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Evaluating a digital divide index in a regional context

Beynon-Davies, Paul and Hill, Rebecca 2007. Evaluating a digital divide index in a regional context. Journal of Systems and Information Technology 9 (1) , pp. 46-59. 10.1108/13287260710817683

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Abstract

Purpose – The purpose of this research is to show that the provision of an increasing range of remote, electronic access channels by private and public sector bodies is predicated on a critical mass of citizenry utilising such access channels. However, a major concern is that the increasing use of ICT for private and public sector transactions is seen as potentially creating a “digital divide” between those with access to technology and those who do not. This paper adapts an index of the digital divide documented in previous work and utilises this instrument to analyse the depth and breadth of this phenomenon in a UK region – Wales. Design/methodology/approach – The paper discusses the construction of a “digital divide index” (DDIX) for Wales based upon the previous established work of Husing and Selhofer. The DDIX is applied to data collected as part of a major European-wide project – UNDERSTAND. Findings – The DDIX situates four citizen segments in terms of internet access and usage – gender, age, education and income. There are no significant digital divides evident within the Welsh region in terms of gender and income. However, there are significant digital divides in terms of age and education. Research limitations/implications – The DDIX as formulated considers a limited range of possible dimensions, both in terms of citizen groups and internet access and usage. Other possible dimensions for consideration are discussed in the paper. Practical implications – Our application of a DDIX has been useful in highlighting the multi-faceted nature of this phenomenon within a regional context. Further research is required both to refine such an important information society metric and to apply it in further domains of analysis. Originality/value – The paper will be of interest both to academic researchers and policy-makers interested in understanding and measuring the digital divide.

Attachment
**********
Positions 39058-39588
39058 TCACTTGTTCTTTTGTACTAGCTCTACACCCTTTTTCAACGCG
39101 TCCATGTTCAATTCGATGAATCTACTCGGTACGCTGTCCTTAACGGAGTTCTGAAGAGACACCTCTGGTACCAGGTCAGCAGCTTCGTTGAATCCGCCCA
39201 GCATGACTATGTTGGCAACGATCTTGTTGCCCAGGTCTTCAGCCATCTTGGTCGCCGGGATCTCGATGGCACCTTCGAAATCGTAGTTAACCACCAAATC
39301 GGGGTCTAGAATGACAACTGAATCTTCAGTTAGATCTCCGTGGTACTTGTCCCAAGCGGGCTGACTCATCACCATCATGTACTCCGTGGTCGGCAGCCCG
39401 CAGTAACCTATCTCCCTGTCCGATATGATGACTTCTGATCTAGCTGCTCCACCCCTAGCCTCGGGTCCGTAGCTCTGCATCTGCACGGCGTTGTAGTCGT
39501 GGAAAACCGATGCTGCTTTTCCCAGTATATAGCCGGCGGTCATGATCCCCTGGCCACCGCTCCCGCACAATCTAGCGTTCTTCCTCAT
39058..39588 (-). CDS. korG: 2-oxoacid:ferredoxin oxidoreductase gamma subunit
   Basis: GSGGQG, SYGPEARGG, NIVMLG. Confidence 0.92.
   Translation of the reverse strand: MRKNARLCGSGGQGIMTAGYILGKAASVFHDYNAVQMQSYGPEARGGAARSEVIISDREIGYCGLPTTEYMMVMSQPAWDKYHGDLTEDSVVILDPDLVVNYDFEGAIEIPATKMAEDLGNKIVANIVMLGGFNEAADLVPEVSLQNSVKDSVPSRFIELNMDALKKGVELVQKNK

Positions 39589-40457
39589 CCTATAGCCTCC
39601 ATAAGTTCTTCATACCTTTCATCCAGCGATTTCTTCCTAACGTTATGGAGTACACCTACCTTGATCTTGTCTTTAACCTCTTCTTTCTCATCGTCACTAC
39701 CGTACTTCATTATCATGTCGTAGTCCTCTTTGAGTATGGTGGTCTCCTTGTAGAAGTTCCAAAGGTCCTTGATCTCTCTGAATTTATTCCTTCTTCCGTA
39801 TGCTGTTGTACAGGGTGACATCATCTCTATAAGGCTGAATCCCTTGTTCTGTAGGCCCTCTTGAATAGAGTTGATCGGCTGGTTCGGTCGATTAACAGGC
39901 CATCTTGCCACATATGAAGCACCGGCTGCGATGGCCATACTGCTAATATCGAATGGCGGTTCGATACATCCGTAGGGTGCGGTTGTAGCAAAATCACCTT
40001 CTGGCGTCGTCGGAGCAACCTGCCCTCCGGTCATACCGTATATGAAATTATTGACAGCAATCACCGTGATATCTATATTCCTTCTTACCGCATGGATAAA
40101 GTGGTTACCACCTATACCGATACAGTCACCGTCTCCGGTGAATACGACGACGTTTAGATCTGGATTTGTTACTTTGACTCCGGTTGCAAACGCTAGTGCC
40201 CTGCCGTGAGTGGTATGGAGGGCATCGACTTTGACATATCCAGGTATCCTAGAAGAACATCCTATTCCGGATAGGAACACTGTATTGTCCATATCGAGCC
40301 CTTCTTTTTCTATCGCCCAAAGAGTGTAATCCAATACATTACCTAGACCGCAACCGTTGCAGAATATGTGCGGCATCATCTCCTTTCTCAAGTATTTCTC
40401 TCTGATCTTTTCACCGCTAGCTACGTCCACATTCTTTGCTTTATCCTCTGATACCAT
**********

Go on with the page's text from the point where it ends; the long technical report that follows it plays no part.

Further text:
Item Type: Article
Date Type: Publication
Status: Published
Schools: Business (Including Economics)
Subjects: H Social Sciences > H Social Sciences (General)
H Social Sciences > HE Transportation and Communications
H Social Sciences > HM Sociology
H Social Sciences > HT Communities. Classes. Races
T Technology > T Technology (General)
Uncontrolled Keywords: Communication technologies; Social alienation; Wales
Publisher: Emerald
ISSN: 1328-7265
Last Modified: 04 Jun 2017 04:28
URI: http://orca.cf.ac.uk/id/eprint/39586

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